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Moving on: why the EU is not missing Britain that much

Moving on: why the EU is not missing Britain that much

On the 5th anniversary of Brexit, commentators reflect on the EU’s success at rallying together after Britain’s exit

On the night of 23 June 2016 a storm broke over Brussels. Rain poured, thunder rolled and lightning flashed over the headquarters of the European Union’s institutions.

Then in the small hours came a political thunderbolt almost no one had forecast: the UK had voted to leave the union. Five years on, the Brexit tempest has subsided – in Brussels, if not in London.

“Not only did the EU survive the storm, but it also moved on,” said Georg Riekeles, of the European Policy Centre thinktank, and formerly an adviser to the EU’s Brexit negotiator, Michel Barnier.

Referring to the agenda of Marine Le Pen, Geert Wilders and other leaders of far-right anti-EU parties, Riekeles said that ahead of the Brexit vote “there was very clearly a populist, disintegrationist drive, ‘let’s break it up’”.

“Now,” said Bernd Lange, a German social democrat MEP, “even the rightwing populists aren’t discussing leaving the European Union, the Frexit [threat of French exit] is gone. They are saying we need to change the European Union.”

The EU is still hobbled by deep splits, whether over helping refugees or fixing flaws in the currency union. Many officials see the deepest threat emanating from Hungary and Poland, where powerful ruling parties are weakening independent courts and media, widely seen as an internal “exit” from the rule of law at the heart of Europe.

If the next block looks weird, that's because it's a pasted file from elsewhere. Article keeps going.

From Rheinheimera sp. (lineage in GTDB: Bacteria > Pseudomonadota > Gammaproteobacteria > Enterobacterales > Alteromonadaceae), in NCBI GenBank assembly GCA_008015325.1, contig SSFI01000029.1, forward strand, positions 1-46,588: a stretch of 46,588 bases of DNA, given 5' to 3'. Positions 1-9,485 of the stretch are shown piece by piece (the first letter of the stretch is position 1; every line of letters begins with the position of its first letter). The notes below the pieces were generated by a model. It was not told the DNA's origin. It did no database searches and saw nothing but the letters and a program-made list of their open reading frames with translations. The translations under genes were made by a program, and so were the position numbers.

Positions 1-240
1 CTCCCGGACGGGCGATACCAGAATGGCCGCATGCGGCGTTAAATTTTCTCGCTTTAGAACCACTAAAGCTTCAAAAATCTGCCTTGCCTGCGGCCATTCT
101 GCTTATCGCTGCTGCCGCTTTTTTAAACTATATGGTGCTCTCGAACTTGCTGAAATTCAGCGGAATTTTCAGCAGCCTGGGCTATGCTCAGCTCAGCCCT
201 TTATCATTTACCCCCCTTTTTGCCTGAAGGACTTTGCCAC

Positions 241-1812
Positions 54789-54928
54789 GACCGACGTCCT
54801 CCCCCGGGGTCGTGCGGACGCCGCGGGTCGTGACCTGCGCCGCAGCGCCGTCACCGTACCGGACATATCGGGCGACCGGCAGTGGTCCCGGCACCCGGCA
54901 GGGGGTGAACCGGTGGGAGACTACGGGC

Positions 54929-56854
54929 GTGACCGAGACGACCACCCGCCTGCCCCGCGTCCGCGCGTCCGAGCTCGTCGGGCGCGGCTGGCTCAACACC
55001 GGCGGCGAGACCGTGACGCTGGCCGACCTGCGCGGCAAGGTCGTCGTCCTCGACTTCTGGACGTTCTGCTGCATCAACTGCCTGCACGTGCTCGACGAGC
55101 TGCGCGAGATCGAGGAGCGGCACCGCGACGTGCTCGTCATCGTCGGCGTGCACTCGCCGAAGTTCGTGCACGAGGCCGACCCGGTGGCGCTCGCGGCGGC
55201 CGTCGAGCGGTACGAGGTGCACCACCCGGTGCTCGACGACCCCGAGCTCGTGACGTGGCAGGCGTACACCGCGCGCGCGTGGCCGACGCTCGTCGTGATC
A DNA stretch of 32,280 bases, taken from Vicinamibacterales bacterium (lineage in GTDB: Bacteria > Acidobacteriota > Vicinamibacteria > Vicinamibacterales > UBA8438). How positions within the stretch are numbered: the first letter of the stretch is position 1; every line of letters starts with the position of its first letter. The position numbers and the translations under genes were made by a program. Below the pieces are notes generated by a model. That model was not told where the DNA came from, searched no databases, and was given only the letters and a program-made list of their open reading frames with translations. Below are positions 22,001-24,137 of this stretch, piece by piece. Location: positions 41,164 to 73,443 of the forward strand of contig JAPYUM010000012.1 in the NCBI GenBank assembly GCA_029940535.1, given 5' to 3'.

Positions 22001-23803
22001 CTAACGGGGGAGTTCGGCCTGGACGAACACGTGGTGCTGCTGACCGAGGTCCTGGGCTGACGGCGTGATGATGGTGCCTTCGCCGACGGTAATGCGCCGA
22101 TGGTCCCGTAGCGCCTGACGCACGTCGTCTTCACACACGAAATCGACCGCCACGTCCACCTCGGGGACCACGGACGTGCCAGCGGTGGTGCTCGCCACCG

Hungary’s prime minister, Viktor Orbán, provoked fresh outrage this week when he proposed allowing national parliaments to suspend the EU legislative process and called for the term “ever closer union” to be deleted from the union treaty.

Against this backdrop Brexit helped the EU rediscover its raison d’être, said Riekeles. “The EU as a whole … even the capitals of countries that on topics like rule of law are outliers or very difficult members of the family, showed the capacity to rally together around an existential issue.”

Smaller EU member states were impressed by how the EU has stood behind Ireland in the disputes with the UK over the Irish border, which had raised concern about the peace process, he said. “Small member states told us what is happening in Ireland shows us that when one country has an existential issue that that is an existential issue for all.”

Other divisions did not ricochet into Brexit talks. Instead, the process forced the 27 member states to pay more attention to each other, said Nathalie Loiseau, an MEP, who was France’s Europe minister.

Loiseau added: “It created more common culture of what it means to have a single market, to have a level playing field, and this will play a role in the future in our relations with the rest of the world.”